The Covid-19 pandemic has upended pretty much every aspect of our lives – and our diets and waistlines have not been immune.
New research found that Aussies have gained on average three kilograms during the pandemic – and that’s only up to May 2021. But Sanitarium dietitian Angela Saunders says there’s an easy way to manage healthy portions – and it’s as simple as getting a bit hands-on.
Time to take control
According to eatforhealth.gov.au, watching portion sizes is important for weight management, and essential for weight loss. This is especially the case if you find it hard to slow down and practice mindful eating, or simply eat straight past your body’s signs of satiety until your plate is empty.
A research paper published in the Journal of Obesity found “when offered larger amounts of food, people reliably consumed a larger meal”.
Angela agrees that managing portion sizes is a great way to maintain or regain a healthy weight.
Portion control simply means working out just how much food you should be putting on your plate or in your bowl. It doesn’t mean saying no to any food group or keeping track of points.
“Looking at portions is a simple way to manage your weight – certainly better than counting calories,” Angela says. “There’s no need to overfocus on measuring down to the gram. It’s more about finding a healthy way to load up your plate with nutritious foods you love, and that love you back... a way of eating that you can stick to every day. An easy way to get your portion sizes right is using your palms and fists.”
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Gotta hand it to you.....
Pretty much every part of your hand can work when it comes to calculating portion size.
A fist - represents about ½-1 cup, which is the perfect portion size when it comes to fruit, wholegrains, pasta or rice. So, what about spuds? For starchy veggies, a fist or half a medium potato is a portion.
Two handfuls - gives you a great guide to add plenty of fresh salad or non-starchy veggies. Always load your plate with these.
A cupped hand - the ideal 30g snack size for nuts, dried fruit or trail mix. It’s also a portion of soft cheese, such as cottage or ricotta cheeses.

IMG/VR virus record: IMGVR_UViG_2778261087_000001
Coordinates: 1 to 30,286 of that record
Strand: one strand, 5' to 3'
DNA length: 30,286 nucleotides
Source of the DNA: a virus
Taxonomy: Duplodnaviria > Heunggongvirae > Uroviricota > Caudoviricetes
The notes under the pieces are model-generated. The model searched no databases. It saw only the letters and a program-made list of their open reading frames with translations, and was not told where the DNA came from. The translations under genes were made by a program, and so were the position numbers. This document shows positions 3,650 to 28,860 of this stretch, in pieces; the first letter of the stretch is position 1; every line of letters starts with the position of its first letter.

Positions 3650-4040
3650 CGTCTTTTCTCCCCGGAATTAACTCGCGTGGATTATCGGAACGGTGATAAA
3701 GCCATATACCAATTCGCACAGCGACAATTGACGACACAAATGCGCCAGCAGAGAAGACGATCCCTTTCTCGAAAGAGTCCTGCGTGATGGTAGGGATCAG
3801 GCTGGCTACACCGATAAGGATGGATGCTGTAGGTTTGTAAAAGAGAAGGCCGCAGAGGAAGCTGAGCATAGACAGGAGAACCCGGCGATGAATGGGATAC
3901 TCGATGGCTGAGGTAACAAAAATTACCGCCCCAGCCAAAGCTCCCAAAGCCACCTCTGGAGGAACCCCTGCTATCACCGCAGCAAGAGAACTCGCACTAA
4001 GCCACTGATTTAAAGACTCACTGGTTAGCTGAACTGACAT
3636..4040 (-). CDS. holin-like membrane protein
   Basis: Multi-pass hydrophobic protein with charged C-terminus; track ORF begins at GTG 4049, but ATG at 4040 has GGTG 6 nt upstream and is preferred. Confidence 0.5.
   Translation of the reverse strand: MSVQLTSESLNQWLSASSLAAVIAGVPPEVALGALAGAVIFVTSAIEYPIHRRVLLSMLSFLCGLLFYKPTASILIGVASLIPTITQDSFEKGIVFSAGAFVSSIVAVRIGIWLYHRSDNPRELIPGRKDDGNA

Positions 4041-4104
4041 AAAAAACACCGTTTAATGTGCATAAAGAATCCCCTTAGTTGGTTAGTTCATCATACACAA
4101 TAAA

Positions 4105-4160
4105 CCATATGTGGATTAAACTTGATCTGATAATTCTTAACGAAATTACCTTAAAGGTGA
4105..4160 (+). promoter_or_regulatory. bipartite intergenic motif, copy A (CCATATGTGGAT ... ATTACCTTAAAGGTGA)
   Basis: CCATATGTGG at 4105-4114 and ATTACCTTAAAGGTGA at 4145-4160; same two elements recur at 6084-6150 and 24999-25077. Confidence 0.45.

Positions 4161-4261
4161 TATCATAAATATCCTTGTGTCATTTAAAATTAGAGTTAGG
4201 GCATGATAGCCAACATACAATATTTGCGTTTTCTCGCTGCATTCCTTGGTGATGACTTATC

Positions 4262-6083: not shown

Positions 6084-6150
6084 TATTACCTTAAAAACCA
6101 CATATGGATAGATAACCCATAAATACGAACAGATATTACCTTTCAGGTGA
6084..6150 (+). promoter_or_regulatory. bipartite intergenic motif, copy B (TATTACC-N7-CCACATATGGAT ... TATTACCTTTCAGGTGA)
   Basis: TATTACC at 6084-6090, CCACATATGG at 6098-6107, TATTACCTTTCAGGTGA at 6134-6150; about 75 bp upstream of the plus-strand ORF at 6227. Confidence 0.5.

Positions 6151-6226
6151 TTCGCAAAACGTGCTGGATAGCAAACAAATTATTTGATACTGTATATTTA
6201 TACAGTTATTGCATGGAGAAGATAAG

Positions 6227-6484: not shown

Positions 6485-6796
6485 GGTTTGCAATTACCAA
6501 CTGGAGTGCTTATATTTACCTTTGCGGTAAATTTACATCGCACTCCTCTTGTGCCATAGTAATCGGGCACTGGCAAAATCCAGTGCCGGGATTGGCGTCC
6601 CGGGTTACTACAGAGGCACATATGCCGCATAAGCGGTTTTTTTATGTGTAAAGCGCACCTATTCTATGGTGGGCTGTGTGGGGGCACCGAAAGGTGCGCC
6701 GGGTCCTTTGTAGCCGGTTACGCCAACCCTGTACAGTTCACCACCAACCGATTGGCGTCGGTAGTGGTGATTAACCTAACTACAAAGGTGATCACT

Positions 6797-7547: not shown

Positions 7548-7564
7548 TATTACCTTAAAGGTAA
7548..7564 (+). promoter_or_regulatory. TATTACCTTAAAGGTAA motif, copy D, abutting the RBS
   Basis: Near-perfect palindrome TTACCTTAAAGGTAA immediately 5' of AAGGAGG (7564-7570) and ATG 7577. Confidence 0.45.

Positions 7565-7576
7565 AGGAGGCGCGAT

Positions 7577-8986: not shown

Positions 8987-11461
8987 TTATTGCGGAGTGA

Two cupped hands - perfect for legumes like chickpeas, beans, and lentils. It’s around 150g.
A palm - it’s the size to aim for when serving up plant proteins like tofu and tempeh (100g-150g) as well as meat alternatives (100g-150g).
Fingers - yes even your thumb and fingers can help you measure. A thumb is about 2 tablespoons of extra virgin olive oil and your fingertip is a teaspoon for other oils and spread - always go for more extra virgin olive oil as the research shows big benefits for this healthy plant-based oil including better brain health and reduced risk of stroke and type 2 diabetes.
“Not everyone has measuring cups, but everyone has a hand they can measure with,” Angela says.
Anything more we need to know about portion control?
Plenty! Here are Angela’s other tips for making sure you’re eating what you need include:
- Using a small plate – It’s all mind over matter. “A standard-size portion will look small on a larger plate, making you feel less satisfied,” Angela says. “A smaller plate will make your meal look more generous.”
- Go big on veggies – “Fill half your plate with colourful, non-starchy veggies, such as dark, leafy greens, green beans, broccoli, mushrooms and other salad veggies. Remember, we need 5-plus of these veg a day for good nutrition.”
- Say no to seconds – “Put those leftovers in the fridge or freezer before you sit down to eat. That will reduce the temptation to go back for seconds.”
- The 20-minute rule – Eat slowly so you have the chance to feel full. Advanced Accredited Practising Dietitian Dr Tim Crowe says “eating slower is good for us because it takes time for mechanical and hormonal signals to reach the brain from the stomach to tell us we’re full”.
- A sweet treat – For those who crave a sweet treat after a meal, cut up some fresh fruit before you sit down to eat, so you have something healthy ready to go and are less tempted to bring out the ice cream!
- Relax, chew, taste, enjoy – “Remember food is so much more than just health. It is also about being socially connected with family and friends as you eat, celebrating your culture and experiencing different foods,” Angela says.